On April 21, 2015, the United States Supreme Court decided Oneok, Inc. v. Learjet, Inc., No. 13-271, holding that state-law antitrust suits challenging retail rates for direct sales of natural gas are not field pre-empted by the Natural Gas Act, even though the conduct at issue also affected wholesale prices.
The collection and sale of natural gas generally consists of three parts. First, producers collect the gas from an underground well; second, a pipeline company carries the gas to a distributor and sells it at wholesale; third, the distributor sells the gas to retail customers. The states may regulate the first and third parts of the process, but because it involves interstate commerce, only the federal government may regulate the second part. Congress enacted the Natural Gas Act (15 U.S.C. § 717, et seq.) to regulate that second part — i.e., interstate wholesale sales of natural gas. The Act gives rate-setting authority to the Federal Energy Regulatory Commission (FERC), but FERC’s authority is limited to wholesale sales, and does not extend to direct retail sales, which are left to the states to regulate.
A group of customers that bought natural gas directly from interstate pipelines (rather than from distributors) sued the pipelines, alleging that they engaged in behavior that violated state antitrust laws. Specifically, they alleged that the pipelines reported false prices to companies that published price indices. The alleged behavior affected both federally regulated wholesale natural-gas prices and nonfederally regulated retail natural-gas prices.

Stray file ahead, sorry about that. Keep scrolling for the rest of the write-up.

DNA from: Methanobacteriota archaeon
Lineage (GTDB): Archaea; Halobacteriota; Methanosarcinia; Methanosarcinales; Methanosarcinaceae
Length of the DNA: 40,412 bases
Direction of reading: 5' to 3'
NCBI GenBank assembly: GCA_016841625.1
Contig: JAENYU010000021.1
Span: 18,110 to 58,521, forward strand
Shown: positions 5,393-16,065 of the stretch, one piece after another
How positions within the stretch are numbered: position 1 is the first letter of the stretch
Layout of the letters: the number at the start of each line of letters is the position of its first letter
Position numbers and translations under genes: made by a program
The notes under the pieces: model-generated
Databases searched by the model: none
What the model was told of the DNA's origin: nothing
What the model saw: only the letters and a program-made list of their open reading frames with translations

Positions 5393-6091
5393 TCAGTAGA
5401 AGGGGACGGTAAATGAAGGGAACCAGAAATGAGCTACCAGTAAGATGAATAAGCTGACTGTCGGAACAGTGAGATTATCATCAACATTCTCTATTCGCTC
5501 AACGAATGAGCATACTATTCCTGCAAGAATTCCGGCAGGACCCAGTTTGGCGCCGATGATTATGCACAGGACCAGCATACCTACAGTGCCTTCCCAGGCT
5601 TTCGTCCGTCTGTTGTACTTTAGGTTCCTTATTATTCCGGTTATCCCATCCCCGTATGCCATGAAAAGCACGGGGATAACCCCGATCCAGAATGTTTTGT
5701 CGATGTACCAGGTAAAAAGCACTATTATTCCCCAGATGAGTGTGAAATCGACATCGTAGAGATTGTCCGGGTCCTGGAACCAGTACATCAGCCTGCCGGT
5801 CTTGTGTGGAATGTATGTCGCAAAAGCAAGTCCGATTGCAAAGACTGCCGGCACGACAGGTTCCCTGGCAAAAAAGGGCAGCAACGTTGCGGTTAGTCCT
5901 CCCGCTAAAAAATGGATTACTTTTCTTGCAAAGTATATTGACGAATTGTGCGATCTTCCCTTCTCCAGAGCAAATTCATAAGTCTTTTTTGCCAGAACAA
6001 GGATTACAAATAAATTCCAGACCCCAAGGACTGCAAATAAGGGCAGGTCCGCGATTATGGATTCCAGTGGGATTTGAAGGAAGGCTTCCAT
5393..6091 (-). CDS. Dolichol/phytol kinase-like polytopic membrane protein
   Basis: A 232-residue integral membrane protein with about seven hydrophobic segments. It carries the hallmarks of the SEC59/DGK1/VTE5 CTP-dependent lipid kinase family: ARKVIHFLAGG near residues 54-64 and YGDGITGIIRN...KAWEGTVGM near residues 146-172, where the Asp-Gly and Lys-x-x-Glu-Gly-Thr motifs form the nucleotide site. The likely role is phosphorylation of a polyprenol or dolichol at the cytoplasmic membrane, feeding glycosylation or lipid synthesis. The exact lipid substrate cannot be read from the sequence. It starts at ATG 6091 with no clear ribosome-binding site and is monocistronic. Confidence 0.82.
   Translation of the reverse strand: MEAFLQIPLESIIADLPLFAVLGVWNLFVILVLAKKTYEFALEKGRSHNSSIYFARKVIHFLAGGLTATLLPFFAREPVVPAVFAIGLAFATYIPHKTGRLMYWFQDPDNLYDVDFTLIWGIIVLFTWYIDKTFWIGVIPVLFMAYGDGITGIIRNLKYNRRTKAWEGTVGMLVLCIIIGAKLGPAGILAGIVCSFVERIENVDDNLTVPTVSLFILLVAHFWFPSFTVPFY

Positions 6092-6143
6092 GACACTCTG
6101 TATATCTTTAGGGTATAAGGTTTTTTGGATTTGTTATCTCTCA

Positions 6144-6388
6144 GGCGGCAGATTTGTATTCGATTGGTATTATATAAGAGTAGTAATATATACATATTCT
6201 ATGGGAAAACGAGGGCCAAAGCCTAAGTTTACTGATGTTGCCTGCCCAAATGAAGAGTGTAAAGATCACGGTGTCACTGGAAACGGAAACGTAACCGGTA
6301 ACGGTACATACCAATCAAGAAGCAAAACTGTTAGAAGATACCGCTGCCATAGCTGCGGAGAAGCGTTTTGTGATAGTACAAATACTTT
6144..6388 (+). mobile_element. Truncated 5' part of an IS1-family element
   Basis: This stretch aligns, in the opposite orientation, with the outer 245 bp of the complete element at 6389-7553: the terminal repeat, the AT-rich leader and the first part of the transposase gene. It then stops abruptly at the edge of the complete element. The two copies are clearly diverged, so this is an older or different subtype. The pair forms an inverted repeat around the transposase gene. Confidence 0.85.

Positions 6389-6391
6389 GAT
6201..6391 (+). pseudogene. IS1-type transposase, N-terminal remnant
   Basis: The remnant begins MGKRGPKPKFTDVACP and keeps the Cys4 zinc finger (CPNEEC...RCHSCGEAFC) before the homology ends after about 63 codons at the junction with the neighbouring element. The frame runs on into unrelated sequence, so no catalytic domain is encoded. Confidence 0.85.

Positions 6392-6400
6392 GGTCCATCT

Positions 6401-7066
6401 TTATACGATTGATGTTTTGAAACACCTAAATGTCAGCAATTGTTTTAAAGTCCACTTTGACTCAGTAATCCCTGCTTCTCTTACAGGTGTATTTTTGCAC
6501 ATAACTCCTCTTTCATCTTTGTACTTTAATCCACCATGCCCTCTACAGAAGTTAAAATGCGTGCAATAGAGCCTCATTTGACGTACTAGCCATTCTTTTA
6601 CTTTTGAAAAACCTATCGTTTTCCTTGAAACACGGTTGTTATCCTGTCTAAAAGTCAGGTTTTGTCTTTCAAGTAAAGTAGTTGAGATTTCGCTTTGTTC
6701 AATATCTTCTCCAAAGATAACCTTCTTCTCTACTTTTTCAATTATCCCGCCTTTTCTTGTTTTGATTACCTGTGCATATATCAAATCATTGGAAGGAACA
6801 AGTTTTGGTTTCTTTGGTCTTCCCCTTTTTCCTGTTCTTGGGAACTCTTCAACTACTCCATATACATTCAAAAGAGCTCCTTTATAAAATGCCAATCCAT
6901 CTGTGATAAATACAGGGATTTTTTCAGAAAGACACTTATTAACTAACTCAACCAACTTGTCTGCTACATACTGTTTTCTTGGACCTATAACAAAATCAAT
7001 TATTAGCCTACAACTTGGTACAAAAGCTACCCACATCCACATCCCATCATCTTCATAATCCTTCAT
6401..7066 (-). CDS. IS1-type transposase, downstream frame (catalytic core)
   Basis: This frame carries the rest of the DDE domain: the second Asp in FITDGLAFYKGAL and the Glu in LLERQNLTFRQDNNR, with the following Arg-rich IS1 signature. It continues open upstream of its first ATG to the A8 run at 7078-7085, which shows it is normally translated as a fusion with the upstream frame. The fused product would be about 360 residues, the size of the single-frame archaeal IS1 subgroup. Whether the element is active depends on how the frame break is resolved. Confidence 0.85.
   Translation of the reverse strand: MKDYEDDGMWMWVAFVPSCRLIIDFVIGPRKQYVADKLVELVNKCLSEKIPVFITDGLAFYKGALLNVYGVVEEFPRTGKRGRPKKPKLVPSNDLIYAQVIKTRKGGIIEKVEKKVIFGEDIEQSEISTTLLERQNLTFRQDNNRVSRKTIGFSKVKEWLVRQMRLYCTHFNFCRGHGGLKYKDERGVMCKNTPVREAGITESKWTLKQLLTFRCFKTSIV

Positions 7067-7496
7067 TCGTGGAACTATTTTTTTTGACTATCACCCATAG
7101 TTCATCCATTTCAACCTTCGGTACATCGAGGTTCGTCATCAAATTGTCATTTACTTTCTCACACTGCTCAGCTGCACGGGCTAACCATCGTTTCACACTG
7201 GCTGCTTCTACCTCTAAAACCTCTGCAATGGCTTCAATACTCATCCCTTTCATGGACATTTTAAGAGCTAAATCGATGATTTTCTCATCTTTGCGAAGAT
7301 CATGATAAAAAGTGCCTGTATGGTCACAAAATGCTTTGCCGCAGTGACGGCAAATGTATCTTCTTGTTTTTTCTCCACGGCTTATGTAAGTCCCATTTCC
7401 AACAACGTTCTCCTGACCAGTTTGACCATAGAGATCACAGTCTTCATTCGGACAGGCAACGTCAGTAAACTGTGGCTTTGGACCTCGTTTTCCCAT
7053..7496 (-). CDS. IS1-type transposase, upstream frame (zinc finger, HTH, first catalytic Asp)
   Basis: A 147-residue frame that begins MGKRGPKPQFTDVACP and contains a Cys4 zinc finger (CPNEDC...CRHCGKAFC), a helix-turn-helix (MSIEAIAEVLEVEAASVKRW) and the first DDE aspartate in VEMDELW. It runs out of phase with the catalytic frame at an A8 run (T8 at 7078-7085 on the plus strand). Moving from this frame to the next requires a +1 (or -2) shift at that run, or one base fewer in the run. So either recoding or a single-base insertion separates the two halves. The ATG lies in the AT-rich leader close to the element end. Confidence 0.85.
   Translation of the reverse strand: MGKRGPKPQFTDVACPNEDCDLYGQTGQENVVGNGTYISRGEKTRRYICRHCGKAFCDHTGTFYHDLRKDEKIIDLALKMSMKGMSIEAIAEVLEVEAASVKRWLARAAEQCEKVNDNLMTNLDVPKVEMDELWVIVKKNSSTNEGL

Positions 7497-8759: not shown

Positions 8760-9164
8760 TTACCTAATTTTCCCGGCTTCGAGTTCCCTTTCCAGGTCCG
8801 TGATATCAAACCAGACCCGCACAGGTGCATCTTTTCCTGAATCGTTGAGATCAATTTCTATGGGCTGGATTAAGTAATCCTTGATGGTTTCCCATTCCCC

The pipelines moved for summary judgment on the ground of field pre-emption, arguing that as interstate sellers of natural gas the pipelines were directly regulated by the Natural Gas Act, and that because the alleged false reporting affected federally regulated wholesale rates as well as nonfederally regulated retail prices, the claims were pre-empted by the Natural Gas Act.
The district court granted the pipelines’ motion for summary judgment, but the Ninth Circuit reversed, holding that because the plaintiffs sought damages for excessively high retail prices, the Natural Gas Act did not pre-empt their claims, even though the conduct at issue increased wholesale rates as well.
The Supreme Court affirmed, holding that the state antitrust claims were not field pre-empted by the Natural Gas Act. The Court began by observing that it has “repeatedly stressed [that] the Natural Gas Act ‘was drawn with meticulous regard for the continued exercise of state power, not to handicap or dilute it in any way.’” The Court emphasized the “importance of considering the target at which the state law aims in determining whether the state law is pre-empted” (original emphasis). The Court held that because the plaintiffs’ claims here were directed at practices that affected retail sales, their claims were not pre-empted, even though the practices at issue also affected wholesale sales.
The Court clarified that it was deciding only the issue of field pre-emption, and not conflict pre-emption, which the Court left for the lower courts to address in the first instance.
Justice Breyer delivered the opinion of the Court, in which Justices Kennedy, Ginsburg, Alito, Sotomayor and Kagan joined. Justice Thomas filed an opinion concurring in part and concurring in the judgment. Justice Scalia filed a dissenting opinion, in which Chief Justice Roberts joined.